Three is a Magic Number, Man and a Woman Had a Little: Aftermath

You remember School House Rock cartoons from the ’70’s, right? The one about the number 3; “man and woman had a little baby, they had three-ee-ee in the family.” I loved that cartoon and was reminded of trinity significance after seeing the critic maligned movie The Aftermath written and directed by James Kent.

First, let’s talk about the triumvirate of actors: Keira Knightley, Alexander Skarsgard and Jason Clarke who commanded the movie each with a particular set of respective skills: welling believable tears, pained, but not annoying countenances, and polite European rage. Their love triangle is plausible and moving. While I don’t know Skarsgard as well (wasn’t a True Blood fan, mainly due to middle class HBO-less wages), I’ve loved and hated Knightley (loved: Atonement, eye rolled: Laggies) and thought Clarke nailed Kennedy (well technically Mary Jo, ok bad joke) in Chappaquiddick.

In The Aftermath, the love triangle doesn’t take long to build, but this is war torn Germany where wives are often alone and some men happen to be widowed. What worked best is some snappy Double Indemnityesque dialogue: Skarsgard, “I was going to apologize (for kissing you),” Knightley: “Why?” as well as other witticisms from the invaded Germans, “They’re making themselves at home”, “yeh, just like maggots in the bacon”.

An additional bonus saving this film from being a stuffy period piece is characters experiencing joy (Skarsgard and Knightley frolic in the snow and have some hot cabin sex). Hence, kudos to the other terrific trio (James Kent had help writing the screenplay from Joe shrapnel (great war writer name) and Anna Waterhouse). Bless all three of you for writing a script that had light as well as dark; and for having layers of stories, the teenage daughter of Skarsgard naively falling for the malevolent German boy also was credible.

To finish my troika analogy and commendation, watching The Aftermath had the delicious combination of a mudslide (Kahlua, Baileys, Cream aka the actors) with Napoletana pizza (Tomato sauce, achiovies, crust aka the writers) without the cheese. Unfortunately, all the cheese was in the trailer which probably dissuades some from seeing this impressive film.

Just like 1981: Colette

Funny, when I looked up the 1981 Commodore’s song Lady (You Bring Me Up), a commented posted under the YouTube video said, “Back when it all still made sense”. Amen, brother!

But I’ve actually had a couple of 1981 experiences that made perfect ‘sense’ this past week. First was dancing to “Lady, You Bring Me Up” and feeling like a kid again. In fact, all the Lionel Richie songs remind me of college (and/or high school). I mean who doesn’t remember dorm room dancing to MTV’s former video days repetitive play of Lionel’s “All Night Long”?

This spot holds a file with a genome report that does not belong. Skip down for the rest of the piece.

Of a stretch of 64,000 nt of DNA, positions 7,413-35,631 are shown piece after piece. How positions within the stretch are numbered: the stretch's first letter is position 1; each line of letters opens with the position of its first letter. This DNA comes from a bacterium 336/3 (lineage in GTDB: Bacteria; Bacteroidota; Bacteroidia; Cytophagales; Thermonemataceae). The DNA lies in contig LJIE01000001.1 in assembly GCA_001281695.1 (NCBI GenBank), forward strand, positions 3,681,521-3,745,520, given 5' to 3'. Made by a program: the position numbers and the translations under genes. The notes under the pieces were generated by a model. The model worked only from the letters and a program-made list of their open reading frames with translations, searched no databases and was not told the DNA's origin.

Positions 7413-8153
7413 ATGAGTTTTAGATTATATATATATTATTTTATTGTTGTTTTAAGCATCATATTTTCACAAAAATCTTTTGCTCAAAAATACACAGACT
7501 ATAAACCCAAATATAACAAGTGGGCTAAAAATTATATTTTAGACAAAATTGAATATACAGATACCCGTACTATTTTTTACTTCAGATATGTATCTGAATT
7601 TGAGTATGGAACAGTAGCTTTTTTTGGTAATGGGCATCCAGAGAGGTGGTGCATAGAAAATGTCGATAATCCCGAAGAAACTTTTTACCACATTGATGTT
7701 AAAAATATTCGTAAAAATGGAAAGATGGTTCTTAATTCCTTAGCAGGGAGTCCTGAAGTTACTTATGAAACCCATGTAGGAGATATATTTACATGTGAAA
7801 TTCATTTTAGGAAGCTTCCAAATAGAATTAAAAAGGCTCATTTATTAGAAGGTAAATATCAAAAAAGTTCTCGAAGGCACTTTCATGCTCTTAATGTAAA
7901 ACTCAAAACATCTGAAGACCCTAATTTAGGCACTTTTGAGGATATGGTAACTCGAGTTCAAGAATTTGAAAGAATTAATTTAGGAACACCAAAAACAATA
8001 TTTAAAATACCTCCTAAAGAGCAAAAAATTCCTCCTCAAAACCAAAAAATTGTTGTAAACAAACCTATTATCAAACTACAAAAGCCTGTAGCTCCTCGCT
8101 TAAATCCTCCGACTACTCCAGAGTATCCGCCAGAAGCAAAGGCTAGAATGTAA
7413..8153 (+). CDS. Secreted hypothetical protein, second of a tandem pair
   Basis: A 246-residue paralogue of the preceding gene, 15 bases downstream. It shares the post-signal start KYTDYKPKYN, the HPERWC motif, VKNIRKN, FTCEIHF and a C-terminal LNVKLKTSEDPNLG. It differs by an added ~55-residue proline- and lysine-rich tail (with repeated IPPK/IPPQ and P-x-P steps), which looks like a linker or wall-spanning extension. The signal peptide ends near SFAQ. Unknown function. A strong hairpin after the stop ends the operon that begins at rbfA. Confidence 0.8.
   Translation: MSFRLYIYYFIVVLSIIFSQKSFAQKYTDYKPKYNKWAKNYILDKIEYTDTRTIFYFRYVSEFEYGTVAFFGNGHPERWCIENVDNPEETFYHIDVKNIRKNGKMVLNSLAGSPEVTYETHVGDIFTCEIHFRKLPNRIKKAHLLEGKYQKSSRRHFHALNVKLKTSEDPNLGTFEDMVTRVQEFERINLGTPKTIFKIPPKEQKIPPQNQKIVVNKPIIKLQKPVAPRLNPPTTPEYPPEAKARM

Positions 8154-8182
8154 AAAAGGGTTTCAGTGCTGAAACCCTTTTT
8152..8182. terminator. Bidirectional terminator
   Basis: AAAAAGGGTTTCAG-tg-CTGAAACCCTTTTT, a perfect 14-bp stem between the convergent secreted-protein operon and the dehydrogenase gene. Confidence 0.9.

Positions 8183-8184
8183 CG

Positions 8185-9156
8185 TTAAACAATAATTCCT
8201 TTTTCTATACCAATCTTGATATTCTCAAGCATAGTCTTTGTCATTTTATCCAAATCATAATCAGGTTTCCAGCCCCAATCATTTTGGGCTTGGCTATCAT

My second 1981 flashback was inspired by film class advisor, Gus Molassis, who assigned our class Colette. Having just seen The Wife, I was miffed thinking it was just the same story minus 100 years. (And this is partly true, the stories: wife ghost writes for husband were eerily similar). My negative presumption paralleled the 1981 emotion I had freshman year at St. Bonaventure when the only elective available for me was Detective and Sci Fi Literature. I immediately said spoiled brat style “yuck”, similar to my film assignment reaction.

Boy, was I wrong in both circumstances. If it hadn’t been for the Sci Fi class back in 1981, I may never experienced Ray Bradbury’s Martian Chronicles, which brought me to tears with its beauty. And today, while Colette didn’t move me to tears, it was heart warming and much MUCH better written than The Wife.

The key difference between The Wife and Colette were the scene specificity of the marriages. In Colette, we see a real couple with genuine difficulties; infidelity, gender and sexuality self-discovery mixed with cultural aspects of the time period; in this case, the tail end of Victorian Age repression, with tiny fissures cracking its frigid core.

Was some of the dialogue unrealistic? Sure, like Dominic West‘s pompous ass Willy (though also lovable and charming) who talks with such self-knowledge you would think he had a Masters in Johnson (joking aside, I meant Counseling). The old ‘honey I stray because I’m a man and can’t control my penis’ -I paraphrase of course-that’s probably what Harvey W. said).

Yet, the acting was superb and West and Keira Knightley seemed very realistic, unlike the more jokey Pinnochio Jonathan Pryce in The Wife. Other acting praise goes to Denise Gough, an Irish actress who plays the masculine half of Knightley’s bisexual experience. Her performance showed tremendous verisimilitude.

My misgivings about the movie were also its tributes. These two seemed to have enough marital joy that the suffering didn’t seem painful enough, more, ‘I’m hurt, but skipping along, tra la la’. And it seemed Colette got her own way most of the time, and if so, wasn’t Willy more of the victim? A well developed point of contention though, which again, equates depth and excellence. Props to Richard Glatzer and Wash Westmoreland, co-screenwriters and the director respectively.

I will say the trailer did it no favors, a large reason for my premature bias. The trailer made it out to be a simplistic man-keeps-woman-down story when it was so much more.

So here’s to trying experiences which seem foreign and finding gold!